William H. Pritchard, "Early Fowles," in The New York Times Book Review (© 1978 by The New York Times Company; reprinted by permission), March 19, 1978, pp. 7, 41.

James Gindin

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John Fowles is, in his recent novel Daniel Martin, as he was in his preceding novel, The French Lieutenant's Woman,… explicitly conscious of his attitude toward his own characters…. Fowles is fond of almost all of [them], sometimes, perhaps, excessively fond…. Man's brutality toward other creatures, in Fowles's world, is endemic, established in the first chapter, an account of a summer day during which Daniel Martin, the narrator and the subject of a long search for himself, worked helping out on a farm in Devon in 1942, a day on which he saw the mower, moving through high grass, slice the legs off a concealed rabbit and then saw the German bombers rip the skies on their way to Exeter…. [Fowles's use of animal imagery], like his use of the rabbit, is never heavy or melodramatic; rather, it is understated, part of a dense texture of detail, conversation, description, and experience.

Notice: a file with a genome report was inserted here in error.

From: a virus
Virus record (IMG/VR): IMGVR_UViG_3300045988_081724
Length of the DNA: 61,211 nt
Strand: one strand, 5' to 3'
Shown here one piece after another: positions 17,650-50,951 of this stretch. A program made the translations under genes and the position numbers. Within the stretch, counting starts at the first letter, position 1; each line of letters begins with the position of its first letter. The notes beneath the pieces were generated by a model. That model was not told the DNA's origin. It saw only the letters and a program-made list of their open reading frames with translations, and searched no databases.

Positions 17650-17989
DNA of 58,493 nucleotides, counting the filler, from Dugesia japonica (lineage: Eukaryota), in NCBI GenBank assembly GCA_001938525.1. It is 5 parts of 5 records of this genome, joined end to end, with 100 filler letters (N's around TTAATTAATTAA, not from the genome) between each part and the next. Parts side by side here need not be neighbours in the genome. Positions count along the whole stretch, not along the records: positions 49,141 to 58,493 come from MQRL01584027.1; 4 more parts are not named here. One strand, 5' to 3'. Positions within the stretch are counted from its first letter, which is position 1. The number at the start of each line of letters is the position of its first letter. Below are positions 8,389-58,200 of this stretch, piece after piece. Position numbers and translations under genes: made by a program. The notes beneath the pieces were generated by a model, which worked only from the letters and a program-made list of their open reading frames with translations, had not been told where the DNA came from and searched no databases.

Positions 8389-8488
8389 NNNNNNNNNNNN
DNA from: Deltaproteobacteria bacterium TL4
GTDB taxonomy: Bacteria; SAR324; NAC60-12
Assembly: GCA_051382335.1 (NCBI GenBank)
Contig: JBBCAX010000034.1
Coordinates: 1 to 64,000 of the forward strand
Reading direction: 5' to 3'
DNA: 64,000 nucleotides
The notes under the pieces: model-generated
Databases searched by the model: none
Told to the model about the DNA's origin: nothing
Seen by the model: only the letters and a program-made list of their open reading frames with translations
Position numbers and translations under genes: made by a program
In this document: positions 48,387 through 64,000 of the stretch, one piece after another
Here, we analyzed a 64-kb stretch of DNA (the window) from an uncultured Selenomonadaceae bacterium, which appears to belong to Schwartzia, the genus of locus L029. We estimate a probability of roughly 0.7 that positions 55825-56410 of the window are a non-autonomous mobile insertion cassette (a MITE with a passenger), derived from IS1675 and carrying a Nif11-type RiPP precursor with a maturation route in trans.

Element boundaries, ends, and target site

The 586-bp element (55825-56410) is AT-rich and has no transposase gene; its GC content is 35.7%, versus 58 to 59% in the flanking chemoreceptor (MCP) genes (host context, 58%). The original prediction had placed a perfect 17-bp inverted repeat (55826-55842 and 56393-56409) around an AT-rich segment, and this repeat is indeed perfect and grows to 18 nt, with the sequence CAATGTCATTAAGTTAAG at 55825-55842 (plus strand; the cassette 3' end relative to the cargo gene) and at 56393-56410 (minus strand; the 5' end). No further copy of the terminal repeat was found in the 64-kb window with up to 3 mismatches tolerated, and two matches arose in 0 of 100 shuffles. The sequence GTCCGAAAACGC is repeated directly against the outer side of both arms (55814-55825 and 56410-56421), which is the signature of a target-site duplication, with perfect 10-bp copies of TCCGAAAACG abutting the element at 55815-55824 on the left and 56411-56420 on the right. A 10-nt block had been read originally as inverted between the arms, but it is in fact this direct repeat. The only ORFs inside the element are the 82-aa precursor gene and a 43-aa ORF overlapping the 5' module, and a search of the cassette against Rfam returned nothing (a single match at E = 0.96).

The recovery of Daniel and Jane is …, both implicitly and explicitly, the recovery of their generation, what Fowles calls the last generation "brought up in some degree of the nineteenth century, since the twentieth did not begin till 1945." The whole story of Daniel and Jane, the love and its immediate denial, the resolution of the complexities of emotional attachment by punishing the self, is itself a standard Victorian Romantic story…. The initial conversations between Daniel and Jane, at Oxford in 1950, are part of their belated Victorian time, the ironies that constantly deflate themselves, their excessive consciousness in post-war Oxford of living at a momentarily idyllic time and place, of wondering whether or not they are "real."… The origins of the sense of loss are not merely Victorian but particularly English as well, the result of a national ethos of sitting grimly uncomfortable in railway carriages rather than asking the man who has opened a window to close it, a nation of people sometimes "happier at being unhappy than doing something constructive about it. We boast of our genius for compromise, which is really a refusal to choose." All these qualities, focused in both time and place, lead Fowles to both develop and satirize his own generation's "pandemic of self-depreciation," for it is a generation that can always laugh at itself, is always self-conscious about its own postures. Yet, as Fowles recognizes clearly, the laughter is itself part of the problem, part of the easy means of attractive evasion. (pp. 236-39)